It is often said that some of the most innovative thinkers are involved in start-up companies, but the problem is these entrepreneurs often have difficulty finding seed money to get their brilliant ideas off the ground. With the strain on the economy over the last few years, more and more venture capital firms have tightened the purse strings and become adverse to certain risk factors in funding decisions, as reported in a previous post. With the decline in venture capital funding in the last decade, unless a start-up has a commercially viable product ready to launch, it can be difficult to find the funds to help get the product to market.
Consider then, charitable venture capitalists, or venture capital philanthropy. A proposal recently issued from the U.S. Treasury Department seeks to green-light charitable investments into start-ups by clarifying the conditions in which a foundation may purchase stock or make loans to a commercial venture. As long as the investment activity promotes the foundation's charitable objectives, charitable foundations are allowed to invest in commercial businesses. Previously the concerns surrounding the legalities of certain such investments held back the more risk-averse charitable trustees.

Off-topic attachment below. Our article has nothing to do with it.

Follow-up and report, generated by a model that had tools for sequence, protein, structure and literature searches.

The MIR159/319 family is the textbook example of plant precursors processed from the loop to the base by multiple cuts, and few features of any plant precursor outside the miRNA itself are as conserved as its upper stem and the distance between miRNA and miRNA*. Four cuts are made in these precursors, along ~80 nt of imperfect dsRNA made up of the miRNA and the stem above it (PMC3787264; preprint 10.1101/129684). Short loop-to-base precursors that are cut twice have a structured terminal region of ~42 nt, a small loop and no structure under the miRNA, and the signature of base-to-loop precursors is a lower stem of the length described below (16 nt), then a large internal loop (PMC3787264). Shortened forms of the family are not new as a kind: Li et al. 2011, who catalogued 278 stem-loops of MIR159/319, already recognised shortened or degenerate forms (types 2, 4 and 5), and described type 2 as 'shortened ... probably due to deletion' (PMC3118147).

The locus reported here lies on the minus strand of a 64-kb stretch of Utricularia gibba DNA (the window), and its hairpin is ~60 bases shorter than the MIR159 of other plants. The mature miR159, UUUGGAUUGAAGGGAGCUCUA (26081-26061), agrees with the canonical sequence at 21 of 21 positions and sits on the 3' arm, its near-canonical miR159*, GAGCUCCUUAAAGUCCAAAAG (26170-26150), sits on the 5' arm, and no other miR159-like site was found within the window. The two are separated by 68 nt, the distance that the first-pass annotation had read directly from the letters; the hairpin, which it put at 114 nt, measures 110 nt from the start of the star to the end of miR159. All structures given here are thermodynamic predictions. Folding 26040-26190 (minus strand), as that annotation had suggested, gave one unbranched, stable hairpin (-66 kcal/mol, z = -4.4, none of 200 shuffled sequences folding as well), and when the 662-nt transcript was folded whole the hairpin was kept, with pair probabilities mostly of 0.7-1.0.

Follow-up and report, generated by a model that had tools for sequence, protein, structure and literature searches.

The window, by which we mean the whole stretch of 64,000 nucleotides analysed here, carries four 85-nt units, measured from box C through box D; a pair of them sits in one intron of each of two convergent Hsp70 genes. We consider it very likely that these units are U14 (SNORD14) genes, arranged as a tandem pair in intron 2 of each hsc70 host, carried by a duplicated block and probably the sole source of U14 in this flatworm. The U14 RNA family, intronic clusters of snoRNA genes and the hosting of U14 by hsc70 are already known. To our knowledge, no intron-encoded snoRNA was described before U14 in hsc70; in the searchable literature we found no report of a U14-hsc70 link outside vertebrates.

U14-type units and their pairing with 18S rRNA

Consider it this way, a foundation that seeks to promote cancer research in the hopes of finding a cure may choose to provide a $100,000 grant to a research hospital or university that is performing cancer research. The foundation could instead choose to purchase stock in a commercial company dedicated to researching and developing cancer therapies. This would be considered a "program-related investment" or PRI.
There was a time when the brightest, most talented scientists and engineers worked in academia, however in today's innovative, high-tech industries, many of these individuals now work in private commercial enterprises, making innovation and the advancement of medical sciences no longer a predominantly academic pursuit. The financial incentives for advancing science and technology, or just simply innovation to enhance human lives on a variety of levels can be found in numerous investment opportunities available to charitable foundations.
Coming up with a brilliant idea is often the easy part for many innovative thinkers, finding the venture capital to get that idea off the ground, on the other hand, can be the real challenge. If you have a great business idea, consider consulting with a law firm that focuses on business formations and start-ups as well as locating venture capital to help launch your business and bring your brilliant idea to the masses.
Source: The Wall Street Journal, "Why Not Venture-Capital Philanthropy?," Robert Pozen, June, 3, 2012